Mass Humanities seeks six communities to host 2022-23 traveling exhibit.
Through a partnership with the nation’s largest museum, Mass Humanities will select six local institutions to host “Crossroads: Changes in Rural America,” a traveling exhibit produced by the Smithsonian Institution’s Museum on Main Street program.
Applications open August 30 for museums, libraries, and other cultural centers interested in welcoming the Smithsonian to their communities. Organizations must be located in a town with a population of 12,000 or less to be eligible to host the exhibit. In October, Mass Humanities will select six sites for the “Crossroads” tour, which arrives in Massachusetts in September 2022.
“Crossroads” explores how rural American communities changed in the 20th century. From sea to shining sea, the vast majority of the United States landscape remains rural with only 3.5% of the landmass considered urban. Since 1900, the percentage of Americans living in rural areas dropped from 60% to 17%. The exhibition looks at that remarkable societal change and how rural Americans responded.
“We’re excited about the opportunity to partner with the Smithsonian for a Museum on Main Street tour,” said Brian Boyles, Executive Director of Mass Humanities. “As our rural communities in Massachusetts face new challenges, this initiative offers local residents the opportunity to discuss the past, present and future of their hometowns.”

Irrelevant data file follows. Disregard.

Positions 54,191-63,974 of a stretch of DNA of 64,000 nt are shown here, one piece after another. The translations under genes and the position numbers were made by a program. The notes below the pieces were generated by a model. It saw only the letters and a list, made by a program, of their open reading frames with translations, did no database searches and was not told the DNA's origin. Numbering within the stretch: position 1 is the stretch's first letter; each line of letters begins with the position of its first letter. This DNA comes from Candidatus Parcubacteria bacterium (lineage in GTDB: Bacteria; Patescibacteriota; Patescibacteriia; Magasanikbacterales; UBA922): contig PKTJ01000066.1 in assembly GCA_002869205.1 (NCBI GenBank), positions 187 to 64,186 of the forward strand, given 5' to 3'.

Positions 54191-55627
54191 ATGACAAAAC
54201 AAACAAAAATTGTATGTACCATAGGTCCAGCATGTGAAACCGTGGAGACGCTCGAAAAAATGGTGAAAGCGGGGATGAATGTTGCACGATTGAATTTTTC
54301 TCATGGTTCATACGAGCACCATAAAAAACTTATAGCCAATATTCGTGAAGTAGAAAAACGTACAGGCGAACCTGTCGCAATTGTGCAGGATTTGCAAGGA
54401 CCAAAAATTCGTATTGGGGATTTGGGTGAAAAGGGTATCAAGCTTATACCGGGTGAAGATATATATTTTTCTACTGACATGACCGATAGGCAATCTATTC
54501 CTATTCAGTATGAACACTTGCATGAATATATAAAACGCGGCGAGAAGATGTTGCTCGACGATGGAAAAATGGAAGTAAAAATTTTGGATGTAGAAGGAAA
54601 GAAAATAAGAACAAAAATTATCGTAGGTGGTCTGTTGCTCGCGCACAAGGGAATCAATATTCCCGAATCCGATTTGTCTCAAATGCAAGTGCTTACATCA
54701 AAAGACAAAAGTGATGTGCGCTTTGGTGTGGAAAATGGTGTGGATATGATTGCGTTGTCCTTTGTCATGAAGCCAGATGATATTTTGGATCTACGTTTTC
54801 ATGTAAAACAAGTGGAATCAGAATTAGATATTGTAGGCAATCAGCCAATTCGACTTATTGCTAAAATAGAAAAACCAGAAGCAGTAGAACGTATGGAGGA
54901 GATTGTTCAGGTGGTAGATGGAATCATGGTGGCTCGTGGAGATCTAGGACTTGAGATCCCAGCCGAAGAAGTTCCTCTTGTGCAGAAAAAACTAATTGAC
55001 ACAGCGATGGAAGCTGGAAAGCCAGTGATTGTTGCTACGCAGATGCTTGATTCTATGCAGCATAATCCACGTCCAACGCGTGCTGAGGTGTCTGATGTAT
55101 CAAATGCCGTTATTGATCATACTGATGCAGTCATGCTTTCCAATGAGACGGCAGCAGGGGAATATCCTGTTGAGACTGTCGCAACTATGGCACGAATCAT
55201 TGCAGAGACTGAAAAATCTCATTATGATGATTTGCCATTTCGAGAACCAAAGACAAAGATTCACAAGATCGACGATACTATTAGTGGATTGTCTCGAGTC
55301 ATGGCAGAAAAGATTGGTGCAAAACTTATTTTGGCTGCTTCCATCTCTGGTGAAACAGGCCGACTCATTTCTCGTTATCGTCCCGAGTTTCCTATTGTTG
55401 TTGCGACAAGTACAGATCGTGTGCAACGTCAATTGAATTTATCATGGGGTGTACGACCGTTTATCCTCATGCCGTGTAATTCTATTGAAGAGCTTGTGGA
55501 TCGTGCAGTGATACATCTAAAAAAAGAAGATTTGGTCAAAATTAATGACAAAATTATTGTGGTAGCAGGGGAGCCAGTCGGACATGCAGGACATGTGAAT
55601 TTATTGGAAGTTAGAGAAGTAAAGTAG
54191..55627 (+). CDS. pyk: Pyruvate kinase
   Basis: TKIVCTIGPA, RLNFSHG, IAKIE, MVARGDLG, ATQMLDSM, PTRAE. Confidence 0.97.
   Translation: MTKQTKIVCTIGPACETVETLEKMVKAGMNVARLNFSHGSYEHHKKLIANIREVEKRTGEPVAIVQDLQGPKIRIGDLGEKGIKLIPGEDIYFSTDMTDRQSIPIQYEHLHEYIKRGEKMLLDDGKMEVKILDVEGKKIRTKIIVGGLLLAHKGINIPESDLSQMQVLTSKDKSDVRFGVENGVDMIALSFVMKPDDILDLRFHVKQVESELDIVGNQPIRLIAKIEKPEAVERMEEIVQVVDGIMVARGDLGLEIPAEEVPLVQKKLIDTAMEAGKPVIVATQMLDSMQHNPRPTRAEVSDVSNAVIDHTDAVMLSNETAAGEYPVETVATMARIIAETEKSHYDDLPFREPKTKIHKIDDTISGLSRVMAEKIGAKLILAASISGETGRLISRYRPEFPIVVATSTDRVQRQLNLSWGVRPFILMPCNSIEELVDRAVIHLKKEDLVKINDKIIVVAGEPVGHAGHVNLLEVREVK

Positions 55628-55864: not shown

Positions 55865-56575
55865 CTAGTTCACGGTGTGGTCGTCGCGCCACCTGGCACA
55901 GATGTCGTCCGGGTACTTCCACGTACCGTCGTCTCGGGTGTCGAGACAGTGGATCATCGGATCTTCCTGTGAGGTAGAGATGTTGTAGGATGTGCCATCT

The host sites will receive trainings from the Smithsonian along with a $10,000 grant from Mass Humanities to host programs during the exhibit, which will be on display for six weeks in each community. Grant funds also support trainings, publicity, planning meetings and staff time. Host sites will be responsible for developing public programs to support the exhibit, including at least one community conversation held in partnership with another local organization.
The state affiliate of the National Endowment for the Humanities, Mass Humanities receives major support from Mass Cultural Council.
“The collective stories and history of Massachusetts’ rural towns are rich and colorful,” said Michael J. Bobbitt, Executive Director, Mass Cultural Council. “And, as someone who lived and worked in the DC area for years, I know firsthand just how powerful and enlightening a visit to any of the Smithsonian Museums can be. This is a wonderful opportunity for rurally-focused cultural organizations to truly showcase the Power of Culture in their community, and I encourage all interested parties to apply.”
Launched in 1994, Museum on Main Street (MoMS) is a Smithsonian outreach program that engages small town audiences and brings revitalized attention to underserved rural communities. The program partners with state humanities councils like Mass Humanities to bring traveling exhibitions, educational resources and programming to small towns across America through their own local museums, historical societies and other cultural venues.
For further information, contact Jen Atwood at firstname.lastname@example.org.